P.S. Just a thought, are the "Stop Bitchin'" & "Stop Floppin'" campaigns the NBA's way of acknowledging that last year Finals were fucked?

Tuesday, January 9, 2007

The Steering Wheel of a Maybach....

I already touched on this in my top ten list, but the sound of Nash slurping these days is deafening, so allow me to expand on my distaste for Canada's greatest export. In the summer of '03 practically every basketball pundit was dumbfounded as to why the Suns would offer Steve Nash a max contract. Four years later he's working on his third straight MVP? Ridiculous.

The historical significance of the award is being tainted by naive and biased voters. Of course there are those who will claim that the MVP is decided upon on a year by year basis and that historical context should not be a deciding factor. The previous winners obviously don't reflect that rationale, but I digress. By either definition-best overall player or most irreplacable player-Nash is not MVP. He's clearly not the best player in the league, unless the court is shortened to 45 feet and defense and rebounding are outlawed. More importantly, Nash is receiving a lion's share of the credit that sould be spread evenly amongst his teammates, coaching staff and front office. Colangelo put all the pieces in place, and D'Antoni implemented the perfect system for a roster with two other uniquely talented All-Stars. How many other players in the league can finish off a fast break, rebound & defend like Matrix? Is there a more ideal partner for the pick & roll than STAT?

Why isn't anyone acknowledging that Dallas got better after Nash left? That Dallas is better because of their improved defense? Can we agree that Dallas is better than Phoenix? That it's because of defense? So, can we also agree that Nash is playing in a run n' gun system that inflates his offensive statistics while masking his defensive deficiencies? What makes this completely laughable is the fact that Stephon Marbury-everyone's least favorite point guard-took almost the exact same Suns roster to the playoffs. Granted it was an 8 seed, but they still almost upset the top seeded Spurs. Nash comes in a couple of years later-doesn't win anything either-and is en route to receive the stamp of dominanace that even Jordan was denied? Bottom line is that players don't get that much better at 31 years old. Something around them changes.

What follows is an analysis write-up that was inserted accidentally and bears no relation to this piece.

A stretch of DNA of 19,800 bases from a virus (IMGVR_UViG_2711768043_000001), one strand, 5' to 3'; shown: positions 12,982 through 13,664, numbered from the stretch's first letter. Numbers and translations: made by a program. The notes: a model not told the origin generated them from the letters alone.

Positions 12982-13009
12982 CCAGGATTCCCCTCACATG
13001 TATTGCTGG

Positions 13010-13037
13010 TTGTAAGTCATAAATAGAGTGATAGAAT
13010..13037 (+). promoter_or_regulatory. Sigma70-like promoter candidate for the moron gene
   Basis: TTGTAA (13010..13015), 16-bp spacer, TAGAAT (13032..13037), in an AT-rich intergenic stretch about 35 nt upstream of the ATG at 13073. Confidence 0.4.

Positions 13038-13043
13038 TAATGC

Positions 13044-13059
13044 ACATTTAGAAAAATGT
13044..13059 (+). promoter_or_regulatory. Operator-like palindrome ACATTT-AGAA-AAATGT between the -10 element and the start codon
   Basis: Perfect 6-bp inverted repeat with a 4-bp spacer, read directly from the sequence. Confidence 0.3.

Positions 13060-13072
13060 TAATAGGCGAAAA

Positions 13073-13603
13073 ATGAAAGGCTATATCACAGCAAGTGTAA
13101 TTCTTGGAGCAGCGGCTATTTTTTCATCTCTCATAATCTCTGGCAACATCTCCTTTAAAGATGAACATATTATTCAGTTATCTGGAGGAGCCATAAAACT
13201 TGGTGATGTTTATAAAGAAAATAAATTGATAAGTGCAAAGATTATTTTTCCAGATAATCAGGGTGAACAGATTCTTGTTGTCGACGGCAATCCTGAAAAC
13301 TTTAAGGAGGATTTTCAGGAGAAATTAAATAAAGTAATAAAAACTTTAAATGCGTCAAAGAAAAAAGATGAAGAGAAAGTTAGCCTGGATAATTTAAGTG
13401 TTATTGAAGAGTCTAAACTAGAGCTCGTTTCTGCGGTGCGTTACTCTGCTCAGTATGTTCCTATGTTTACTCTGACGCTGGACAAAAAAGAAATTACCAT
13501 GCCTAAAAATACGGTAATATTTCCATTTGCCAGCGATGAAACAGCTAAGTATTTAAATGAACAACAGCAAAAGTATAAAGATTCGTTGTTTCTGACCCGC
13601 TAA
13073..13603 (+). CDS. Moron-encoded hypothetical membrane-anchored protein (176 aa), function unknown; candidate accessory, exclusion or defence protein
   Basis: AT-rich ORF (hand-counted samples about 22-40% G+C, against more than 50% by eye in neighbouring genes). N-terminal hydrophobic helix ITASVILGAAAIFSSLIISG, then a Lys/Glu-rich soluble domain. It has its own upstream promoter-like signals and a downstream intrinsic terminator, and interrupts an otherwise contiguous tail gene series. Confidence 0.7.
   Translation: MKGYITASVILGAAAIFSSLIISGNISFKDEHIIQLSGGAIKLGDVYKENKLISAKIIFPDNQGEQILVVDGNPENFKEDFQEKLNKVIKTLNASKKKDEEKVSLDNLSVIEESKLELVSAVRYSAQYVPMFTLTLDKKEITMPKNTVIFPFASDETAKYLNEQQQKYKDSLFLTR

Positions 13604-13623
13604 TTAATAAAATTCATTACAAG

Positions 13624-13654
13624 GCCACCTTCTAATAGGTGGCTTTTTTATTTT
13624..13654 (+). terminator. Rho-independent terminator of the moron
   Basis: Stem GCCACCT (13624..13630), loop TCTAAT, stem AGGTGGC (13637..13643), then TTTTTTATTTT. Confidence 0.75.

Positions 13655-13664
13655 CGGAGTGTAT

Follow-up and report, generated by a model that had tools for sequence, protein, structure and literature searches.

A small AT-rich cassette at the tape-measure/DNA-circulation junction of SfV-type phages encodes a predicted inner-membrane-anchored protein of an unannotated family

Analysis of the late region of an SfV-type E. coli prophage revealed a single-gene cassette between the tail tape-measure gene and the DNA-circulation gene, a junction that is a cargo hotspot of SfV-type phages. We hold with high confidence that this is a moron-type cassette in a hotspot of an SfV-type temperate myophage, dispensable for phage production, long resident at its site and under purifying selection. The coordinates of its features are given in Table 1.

Friday, January 5, 2007

A Tree Falling In the Forest.

Intros are always difficult since they require a naive confidence to believe that anyone is actually reading. Nevertheless, I continue. If you have no interest in the NBA, you shouldn't. Continue, that is. I love the game in it's current state, and all previous incarnations. While it would be an exaggeration to proclaim this a new golden age, the league is certainly in good hands.

Good time for a top ten list. Best player?

10. Allen Iverson- He's stubborn and unpredictable. But that's half of what's made him the best player, six feet or under, in NBA history. Playing in a weak ass Eastern Conference for almost a decade is the other. I heard something about him being 'indestructible', or 'moving at the speed of thought' too. Something like that. Although it might have been "quick little monkey". Yeah, that was it. Such eloquence.

9. Jason Kidd- He'll turn 34 in March and currently leads his team in rebounds. If it weren't for his suspect shooting, he'd be a top 5 player. If I thought about it long enough, I'd move him up two spots for his wife alone.

8. Yao Ming- He can shoot from outside and from the line. He's an excellent passer and a naturally intelligent player. No, that is not an Chinese stereotype, saying he can quickly calculate statistics or that he knows karate would be an Chinese stereotype. Plus he's massive. If he would assert himself more on the block, no one could move him off his spot on either end of the floor. 25, 15 & 5 are within his reach. Time will tell. (This song is spectacularly awful. John Tesh is somewhere writhing on the floor with something sharp sticking out of his ear...)

7. Kevin Garnett- Sally Struthers should give up on feeding third world orphans, they're so trendy these days. Hook up with Stern and build a "Feed the Children" type campaign to get KG out of Minnesota. Put together commercials of Laettner, Sczerbiak, JR Rider, Olowokandi, Trenton Hassell, Marko Jaric, and Mark Madsen-take a deep breath-and realize that outside of three people (Steph, Spree & Cassell) those are the best teammates this man has had in his entire career. That should break anyone. Oh, and scroll McHale's phone number at the bottom of the screen. So no, he's never won anything. Only came close once. But a guaranteed 20, 10 & 5 along with his quickness, ballhandling skills, outside shot and defensive presence? Sheeeeeeeeeeeeeeet......